New research presented at the 25th annual conference of the European Society for Human Reproduction and Embryology (ESHRE), held in Amsterdam last week, points towards factors affecting sperm quality and male fertility. Frequent sex and avoiding extreme levels of cycling training have both been indicated as playing a key role in maintaining healthy sperm.
In the first study, by scientists at Sydney IVF, Wollongong, Australia, daily sex or ejaculation was found to reduce DNA damage in sperm and to increase sperm motility and may, therefore, boost fertility. These findings apparently contradict previous beliefs that abstaining from sex for a few days before attempting conception increases sperm numbers and therefore increases the chance of pregnancy. The new research found that in 118 men with relatively high levels of DNA damage in their sperm (more than 15 per cent of sperm damaged), daily ejaculation reduced damage in eight out of ten men by an average of 12 per cent. In the group as a whole, damage was reduced from an average of 34 per cent to an average of 26 per cent. The improvement was suggested to be due to the sperm spending less time in the testicles, where it is subject to damage by heat and free radicals.
The researchers believe that these improvements in sperm quality may outweigh the benefits of increasing the sperm quantity by abstaining from sex prior to attempting conception. However, Dr David Greening, who presented the research, warned that 'further research is required to see whether the improvement in these men's sperm quality translates into better pregnancy rates'. The researchers also warn that daily ejaculation over longer periods of time may have a more significant effect on sperm numbers, and that for men with a lower sperm count to begin with, even short-term daily ejaculation may not be the best approach.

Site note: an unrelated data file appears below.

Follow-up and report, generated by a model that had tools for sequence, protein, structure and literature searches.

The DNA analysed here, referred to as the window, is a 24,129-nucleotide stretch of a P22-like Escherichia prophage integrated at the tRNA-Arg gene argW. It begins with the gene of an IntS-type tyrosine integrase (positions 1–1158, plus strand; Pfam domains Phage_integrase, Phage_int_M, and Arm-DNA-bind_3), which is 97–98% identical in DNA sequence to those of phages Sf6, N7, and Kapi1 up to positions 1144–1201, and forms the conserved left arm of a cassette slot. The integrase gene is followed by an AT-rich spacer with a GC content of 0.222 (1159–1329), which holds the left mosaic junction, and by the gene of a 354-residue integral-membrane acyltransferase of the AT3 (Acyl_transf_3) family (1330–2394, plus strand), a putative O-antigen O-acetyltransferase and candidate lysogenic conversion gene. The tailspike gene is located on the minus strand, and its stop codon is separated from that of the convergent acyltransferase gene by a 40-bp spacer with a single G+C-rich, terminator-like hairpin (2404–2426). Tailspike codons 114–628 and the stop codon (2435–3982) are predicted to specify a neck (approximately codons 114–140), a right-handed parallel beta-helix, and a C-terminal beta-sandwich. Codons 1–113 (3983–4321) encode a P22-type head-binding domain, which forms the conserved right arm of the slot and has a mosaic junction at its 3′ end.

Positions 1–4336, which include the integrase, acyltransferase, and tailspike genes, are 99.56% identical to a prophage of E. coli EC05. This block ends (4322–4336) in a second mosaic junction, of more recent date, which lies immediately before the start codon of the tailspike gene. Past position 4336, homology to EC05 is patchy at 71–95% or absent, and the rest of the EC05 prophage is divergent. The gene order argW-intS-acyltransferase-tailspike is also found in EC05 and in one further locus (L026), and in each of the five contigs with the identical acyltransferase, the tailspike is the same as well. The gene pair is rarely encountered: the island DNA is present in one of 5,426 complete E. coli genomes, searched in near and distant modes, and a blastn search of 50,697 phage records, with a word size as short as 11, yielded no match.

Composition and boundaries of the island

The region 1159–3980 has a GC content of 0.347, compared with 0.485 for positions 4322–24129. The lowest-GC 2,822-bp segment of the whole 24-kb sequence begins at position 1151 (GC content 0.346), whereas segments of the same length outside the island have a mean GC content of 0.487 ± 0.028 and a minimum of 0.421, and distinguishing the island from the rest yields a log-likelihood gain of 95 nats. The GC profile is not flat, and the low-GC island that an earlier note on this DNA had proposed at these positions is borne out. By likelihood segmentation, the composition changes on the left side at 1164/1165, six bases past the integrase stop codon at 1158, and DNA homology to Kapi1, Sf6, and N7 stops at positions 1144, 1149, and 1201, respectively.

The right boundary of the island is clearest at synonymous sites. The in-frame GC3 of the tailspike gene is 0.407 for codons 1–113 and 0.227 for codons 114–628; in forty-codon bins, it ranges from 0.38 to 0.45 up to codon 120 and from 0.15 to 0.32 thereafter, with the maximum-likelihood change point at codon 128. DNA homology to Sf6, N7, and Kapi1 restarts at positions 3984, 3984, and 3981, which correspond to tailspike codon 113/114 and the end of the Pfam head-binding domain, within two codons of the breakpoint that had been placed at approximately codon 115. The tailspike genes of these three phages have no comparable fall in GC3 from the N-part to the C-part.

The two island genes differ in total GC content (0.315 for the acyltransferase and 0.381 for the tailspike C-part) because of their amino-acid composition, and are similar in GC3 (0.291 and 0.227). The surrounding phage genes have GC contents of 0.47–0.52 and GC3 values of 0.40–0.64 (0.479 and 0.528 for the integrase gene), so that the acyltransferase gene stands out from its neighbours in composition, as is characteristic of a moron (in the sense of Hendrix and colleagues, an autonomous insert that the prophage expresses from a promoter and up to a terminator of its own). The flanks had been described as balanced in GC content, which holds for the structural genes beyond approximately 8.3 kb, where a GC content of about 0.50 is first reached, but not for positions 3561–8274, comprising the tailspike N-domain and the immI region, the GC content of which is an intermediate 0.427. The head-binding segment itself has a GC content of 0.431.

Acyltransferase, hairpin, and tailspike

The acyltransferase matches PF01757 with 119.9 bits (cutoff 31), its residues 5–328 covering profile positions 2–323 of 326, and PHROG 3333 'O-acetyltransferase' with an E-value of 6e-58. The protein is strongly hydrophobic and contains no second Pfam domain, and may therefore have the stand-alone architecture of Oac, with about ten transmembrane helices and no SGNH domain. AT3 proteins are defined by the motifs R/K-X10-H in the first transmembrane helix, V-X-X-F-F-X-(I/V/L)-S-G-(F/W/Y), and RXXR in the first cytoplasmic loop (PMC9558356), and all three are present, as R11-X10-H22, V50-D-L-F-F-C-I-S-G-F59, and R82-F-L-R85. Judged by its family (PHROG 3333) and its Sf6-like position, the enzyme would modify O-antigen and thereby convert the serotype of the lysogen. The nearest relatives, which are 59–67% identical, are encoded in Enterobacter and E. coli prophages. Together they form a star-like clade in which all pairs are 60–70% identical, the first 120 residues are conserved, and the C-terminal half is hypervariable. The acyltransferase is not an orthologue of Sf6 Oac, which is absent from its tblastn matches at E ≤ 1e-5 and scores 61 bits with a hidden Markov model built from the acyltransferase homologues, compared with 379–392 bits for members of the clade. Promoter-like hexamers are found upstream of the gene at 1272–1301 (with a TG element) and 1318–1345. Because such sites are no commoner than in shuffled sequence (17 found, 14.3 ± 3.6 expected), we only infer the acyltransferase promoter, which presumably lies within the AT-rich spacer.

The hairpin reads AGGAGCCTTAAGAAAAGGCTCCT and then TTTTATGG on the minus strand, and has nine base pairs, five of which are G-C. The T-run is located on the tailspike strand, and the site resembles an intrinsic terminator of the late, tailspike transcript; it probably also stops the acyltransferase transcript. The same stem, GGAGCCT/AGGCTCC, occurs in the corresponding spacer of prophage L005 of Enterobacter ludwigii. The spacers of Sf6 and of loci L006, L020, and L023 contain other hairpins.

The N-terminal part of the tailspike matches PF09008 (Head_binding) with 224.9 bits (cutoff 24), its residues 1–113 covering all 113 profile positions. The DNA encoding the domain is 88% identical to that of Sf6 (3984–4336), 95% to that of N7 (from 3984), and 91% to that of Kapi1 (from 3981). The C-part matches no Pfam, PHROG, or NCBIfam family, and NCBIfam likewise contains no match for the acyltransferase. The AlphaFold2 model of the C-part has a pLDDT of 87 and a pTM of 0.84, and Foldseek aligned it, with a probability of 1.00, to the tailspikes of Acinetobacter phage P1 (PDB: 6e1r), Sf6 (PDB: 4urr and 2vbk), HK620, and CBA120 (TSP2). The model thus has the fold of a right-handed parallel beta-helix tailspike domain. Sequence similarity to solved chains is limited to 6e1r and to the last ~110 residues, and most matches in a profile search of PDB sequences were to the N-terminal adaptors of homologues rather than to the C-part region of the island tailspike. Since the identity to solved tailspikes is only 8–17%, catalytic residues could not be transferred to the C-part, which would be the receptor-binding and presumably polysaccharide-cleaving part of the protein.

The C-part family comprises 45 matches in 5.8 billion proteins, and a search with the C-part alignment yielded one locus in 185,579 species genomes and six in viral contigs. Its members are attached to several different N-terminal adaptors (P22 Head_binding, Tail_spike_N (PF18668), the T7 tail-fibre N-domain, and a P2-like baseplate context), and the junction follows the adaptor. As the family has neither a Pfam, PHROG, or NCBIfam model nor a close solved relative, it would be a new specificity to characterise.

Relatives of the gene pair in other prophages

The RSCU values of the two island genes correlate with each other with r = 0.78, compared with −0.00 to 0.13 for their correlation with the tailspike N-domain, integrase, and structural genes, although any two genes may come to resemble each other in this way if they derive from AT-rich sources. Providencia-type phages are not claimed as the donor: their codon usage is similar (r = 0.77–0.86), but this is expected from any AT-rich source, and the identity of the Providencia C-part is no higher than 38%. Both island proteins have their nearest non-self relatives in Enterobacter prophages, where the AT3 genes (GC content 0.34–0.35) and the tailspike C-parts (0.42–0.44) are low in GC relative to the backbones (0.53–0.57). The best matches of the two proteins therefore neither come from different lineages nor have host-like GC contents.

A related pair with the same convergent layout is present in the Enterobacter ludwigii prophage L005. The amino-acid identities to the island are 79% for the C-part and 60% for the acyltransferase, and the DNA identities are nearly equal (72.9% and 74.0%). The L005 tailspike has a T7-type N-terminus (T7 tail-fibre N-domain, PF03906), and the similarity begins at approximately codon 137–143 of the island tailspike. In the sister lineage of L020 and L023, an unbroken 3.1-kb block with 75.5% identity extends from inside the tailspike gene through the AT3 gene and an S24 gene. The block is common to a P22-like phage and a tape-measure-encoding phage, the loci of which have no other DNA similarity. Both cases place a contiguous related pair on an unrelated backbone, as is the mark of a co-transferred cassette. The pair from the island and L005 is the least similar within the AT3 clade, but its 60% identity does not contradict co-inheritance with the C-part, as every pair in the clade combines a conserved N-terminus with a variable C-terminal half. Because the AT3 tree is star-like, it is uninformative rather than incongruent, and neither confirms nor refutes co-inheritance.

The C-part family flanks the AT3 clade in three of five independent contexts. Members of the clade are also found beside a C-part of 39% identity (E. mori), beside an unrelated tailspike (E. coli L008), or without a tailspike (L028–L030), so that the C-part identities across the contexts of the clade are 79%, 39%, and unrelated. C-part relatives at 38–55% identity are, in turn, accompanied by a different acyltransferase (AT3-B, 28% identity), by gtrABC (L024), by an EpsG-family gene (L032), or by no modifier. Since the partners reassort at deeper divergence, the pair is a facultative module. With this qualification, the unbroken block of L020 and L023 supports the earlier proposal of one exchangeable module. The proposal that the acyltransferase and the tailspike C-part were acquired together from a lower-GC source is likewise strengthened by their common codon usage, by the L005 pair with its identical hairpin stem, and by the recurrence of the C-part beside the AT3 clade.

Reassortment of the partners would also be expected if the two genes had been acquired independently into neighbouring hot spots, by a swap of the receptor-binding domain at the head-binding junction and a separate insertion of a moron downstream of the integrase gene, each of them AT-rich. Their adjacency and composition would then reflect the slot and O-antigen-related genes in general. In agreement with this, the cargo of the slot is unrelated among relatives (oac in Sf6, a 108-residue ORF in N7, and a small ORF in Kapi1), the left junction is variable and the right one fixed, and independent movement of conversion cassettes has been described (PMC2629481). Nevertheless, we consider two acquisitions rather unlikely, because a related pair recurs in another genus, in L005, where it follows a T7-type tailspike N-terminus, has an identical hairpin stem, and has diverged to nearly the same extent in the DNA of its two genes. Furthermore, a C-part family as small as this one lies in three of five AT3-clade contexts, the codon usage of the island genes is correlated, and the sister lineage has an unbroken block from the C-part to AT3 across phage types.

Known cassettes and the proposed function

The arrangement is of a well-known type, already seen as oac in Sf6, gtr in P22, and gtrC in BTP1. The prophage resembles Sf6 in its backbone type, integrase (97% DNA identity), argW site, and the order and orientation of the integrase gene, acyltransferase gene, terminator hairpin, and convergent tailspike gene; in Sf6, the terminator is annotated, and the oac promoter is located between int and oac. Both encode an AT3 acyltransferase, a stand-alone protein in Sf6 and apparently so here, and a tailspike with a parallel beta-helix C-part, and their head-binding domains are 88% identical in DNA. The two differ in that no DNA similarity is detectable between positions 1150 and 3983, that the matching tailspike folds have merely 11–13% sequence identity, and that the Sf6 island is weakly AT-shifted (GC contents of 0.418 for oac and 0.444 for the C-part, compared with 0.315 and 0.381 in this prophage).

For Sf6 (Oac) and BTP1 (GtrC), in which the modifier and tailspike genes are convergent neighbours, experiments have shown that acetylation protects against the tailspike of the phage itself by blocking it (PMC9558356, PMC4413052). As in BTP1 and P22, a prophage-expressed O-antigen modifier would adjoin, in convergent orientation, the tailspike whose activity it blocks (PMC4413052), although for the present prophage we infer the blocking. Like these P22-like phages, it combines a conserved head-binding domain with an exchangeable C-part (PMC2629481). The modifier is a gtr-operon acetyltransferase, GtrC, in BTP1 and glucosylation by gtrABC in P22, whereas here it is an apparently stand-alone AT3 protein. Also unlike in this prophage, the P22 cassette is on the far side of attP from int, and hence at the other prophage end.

In the second study, led by Professor Diane Vaamonde at the University of Cordoba, Spain, the training regimes of 15 men preparing for triathlons (sports competitions involving swimming, cycling and running) were studied and compared to each man's levels of sperm damage seen. Triathletes are known to often have low fertility. All the men had trained on average nine times a week for the past eight years, but only the intensity of their cycling training correlated with the quality of their sperm. 'While all triathletes had less than 10 per cent of normal-looking sperm, the men with less than four per cent - at which percentage they would generally be considered to have significant fertility problems - were systematically covering over 300km per week on their bicycles' explained Professor Vaamonde.
The sperm damage caused by intensive cycling is thought to arise due to the constant pressure on the testicles from the saddle, the heat in the groin generated by the tight Lycra outfits, and the stress of pushing the body to its limits. The levels of cycling done by men who are not following such gruelling training programs is thought to have little effect on sperm damage.